September 22, 2019
So many good people interact with us online and walk through our doors at the Centre for Stories, and so we’re pretty proud of the little community we’ve grown. Collaborations often turn into comradeships and patrons become friends. Short Talks is a series of interviews highlighting the remarkable people who have connected with us at the Centre for Stories. Some are writers, poets, and storytellers, and others are arts workers, community leaders, and small business owners.
We invite you to get to know our friends a little more. Today, we feature Anju Sivarajah, a participant in the performance project, Saga Sisterhood, which was developed with storytelling training and creative development from the Centre for Stories. Read on to hear Anju talk about embracing complexity and exploring her Tamil-Sinhalese-Burgher-Australian identity.
You’ve just been part of our Sister Sagahood storytelling project. How did you get involved with that?
When I started the workshops, I didn’t come in with, ‘this is my story, this is what I want to say, this is what my struggle has been.’ I was in a crux in my life and I didn’t know what it was, and I thought, I’m going to push myself into something I don’t know how to do, which is performance. I’m very comfortable with public speaking, but I’d never done performance before, and it’s very different.
I didn’t come in thinking, ‘my issues are belonging, and my identity, and the struggle for me while growing up’; it was, ‘I’m at a place where I feel really crap about what it is, I’m 41, and I should be in charge of my life.’ I felt like I was in this very unknown space.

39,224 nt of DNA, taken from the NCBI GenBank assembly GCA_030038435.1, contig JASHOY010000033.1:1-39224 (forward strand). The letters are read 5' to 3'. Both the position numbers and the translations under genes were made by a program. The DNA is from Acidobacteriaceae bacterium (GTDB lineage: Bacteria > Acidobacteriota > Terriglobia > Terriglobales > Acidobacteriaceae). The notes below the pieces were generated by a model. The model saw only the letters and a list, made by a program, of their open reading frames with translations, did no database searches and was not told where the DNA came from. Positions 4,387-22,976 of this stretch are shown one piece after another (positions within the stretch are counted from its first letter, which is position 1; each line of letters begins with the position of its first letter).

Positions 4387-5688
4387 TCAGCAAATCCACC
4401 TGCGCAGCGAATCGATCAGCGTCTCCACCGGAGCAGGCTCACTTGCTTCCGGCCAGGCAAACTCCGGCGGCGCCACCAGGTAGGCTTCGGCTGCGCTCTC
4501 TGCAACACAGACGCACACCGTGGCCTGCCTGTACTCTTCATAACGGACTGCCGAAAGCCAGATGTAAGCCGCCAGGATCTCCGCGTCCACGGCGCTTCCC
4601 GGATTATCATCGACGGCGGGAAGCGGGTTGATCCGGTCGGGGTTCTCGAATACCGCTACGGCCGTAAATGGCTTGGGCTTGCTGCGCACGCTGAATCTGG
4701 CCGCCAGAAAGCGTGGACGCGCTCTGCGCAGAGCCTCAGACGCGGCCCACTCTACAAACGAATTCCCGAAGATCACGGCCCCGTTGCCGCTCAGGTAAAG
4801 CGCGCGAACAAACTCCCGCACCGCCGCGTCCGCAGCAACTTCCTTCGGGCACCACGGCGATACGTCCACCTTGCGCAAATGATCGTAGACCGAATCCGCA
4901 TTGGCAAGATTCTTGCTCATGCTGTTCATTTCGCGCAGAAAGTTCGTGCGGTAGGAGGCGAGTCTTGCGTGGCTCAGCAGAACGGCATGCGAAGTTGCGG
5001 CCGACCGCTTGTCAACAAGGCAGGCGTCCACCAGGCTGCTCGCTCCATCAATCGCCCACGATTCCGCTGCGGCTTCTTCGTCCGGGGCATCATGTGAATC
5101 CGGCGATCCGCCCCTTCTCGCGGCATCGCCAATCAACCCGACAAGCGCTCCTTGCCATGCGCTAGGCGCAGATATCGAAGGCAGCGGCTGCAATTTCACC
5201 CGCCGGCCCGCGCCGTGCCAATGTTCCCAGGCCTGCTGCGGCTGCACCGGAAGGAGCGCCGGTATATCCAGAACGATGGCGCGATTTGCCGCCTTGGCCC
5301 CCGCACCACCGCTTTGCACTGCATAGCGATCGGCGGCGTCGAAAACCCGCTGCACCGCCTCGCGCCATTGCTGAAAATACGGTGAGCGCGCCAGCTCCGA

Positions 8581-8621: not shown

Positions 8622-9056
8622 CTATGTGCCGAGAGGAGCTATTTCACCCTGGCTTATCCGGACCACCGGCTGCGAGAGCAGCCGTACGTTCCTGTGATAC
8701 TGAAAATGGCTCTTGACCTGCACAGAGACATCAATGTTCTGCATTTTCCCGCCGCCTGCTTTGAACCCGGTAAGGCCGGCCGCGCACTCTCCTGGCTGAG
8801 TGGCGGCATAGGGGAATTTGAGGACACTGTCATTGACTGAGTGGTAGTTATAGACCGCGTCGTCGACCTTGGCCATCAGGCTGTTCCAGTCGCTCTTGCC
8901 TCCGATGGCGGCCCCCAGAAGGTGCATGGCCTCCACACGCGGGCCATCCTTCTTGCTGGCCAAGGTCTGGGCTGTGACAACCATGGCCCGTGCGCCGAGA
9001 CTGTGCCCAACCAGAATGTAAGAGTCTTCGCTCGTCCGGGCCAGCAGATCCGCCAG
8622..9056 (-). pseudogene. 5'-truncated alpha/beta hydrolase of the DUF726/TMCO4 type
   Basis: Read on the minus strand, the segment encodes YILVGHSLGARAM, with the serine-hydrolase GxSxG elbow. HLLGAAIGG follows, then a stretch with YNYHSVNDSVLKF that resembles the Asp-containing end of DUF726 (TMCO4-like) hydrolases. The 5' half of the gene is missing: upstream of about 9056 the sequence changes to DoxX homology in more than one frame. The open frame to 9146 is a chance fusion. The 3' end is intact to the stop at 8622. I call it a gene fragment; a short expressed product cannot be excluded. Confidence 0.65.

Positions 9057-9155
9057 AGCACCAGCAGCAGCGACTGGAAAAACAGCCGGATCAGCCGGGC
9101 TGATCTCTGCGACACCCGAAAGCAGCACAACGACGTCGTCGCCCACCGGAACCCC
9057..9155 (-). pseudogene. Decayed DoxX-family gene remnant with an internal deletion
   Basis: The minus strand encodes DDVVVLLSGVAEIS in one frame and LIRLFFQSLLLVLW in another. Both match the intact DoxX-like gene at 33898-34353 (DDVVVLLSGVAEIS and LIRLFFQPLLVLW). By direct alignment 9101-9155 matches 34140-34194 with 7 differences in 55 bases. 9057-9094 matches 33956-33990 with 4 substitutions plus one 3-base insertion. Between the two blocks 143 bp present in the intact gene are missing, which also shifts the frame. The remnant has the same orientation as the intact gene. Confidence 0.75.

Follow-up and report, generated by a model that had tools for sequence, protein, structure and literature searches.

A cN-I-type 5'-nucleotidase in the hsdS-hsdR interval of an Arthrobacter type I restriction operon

I didn’t know then what I do know. When I look back, the theme has been my sense of belonging, and never feeling like I’ve fit in, or that I’m good enough. In my early 20s I wasn’t self-reflecting, and I guess what brought me to the program was, I saw this thing on Sukhjit’s Instagram, which spoke to me. I’d just unexpectedly finished a job and I had all this time on my hands, and I was like, I need to do something that’s productive. This was calling to me.
You’ve had a long career running projects and workshops for young people, and Saga Sisterhood was your first time on the other side of things. What was it like for you to be the workshop participant, not the organiser?
I chose to push myself into that space, because it was a bit uncomfortable. I had to walk in going, ‘I don’t know anything and I’m here to learn, and see what I can get from this.’ I felt vulnerable, but how I handle it is becoming quite… defensive. I came in with this very tough exterior, but I think inside, I was really nervous about what I didn’t know, and I knew I was in a very vulnerable place, as well.
How do you think the Saga Sisterhood workshops helped you out with that?
Listening to other women’s stories. It awoke something in me that made me realise yeah, my identity is having a huge impact on me in my adult life. It’s also a strong point, and so many people can learn from it, as well. Listening to other women’s stories really helped me to see my identity isn’t as straightforward as I thought it was. I’m a lot clearer about what I need to understand.
How did you choose the stories you developed, and what was the process of working with storytelling trainer Sisonke Msimang like?
Oh, Sisonke, she’s amazing. But she’s such a strong woman, I probably found that a bit daunting. I didn’t know who she was when I first arrived, but I felt like she could see through me, almost – I couldn’t bluff.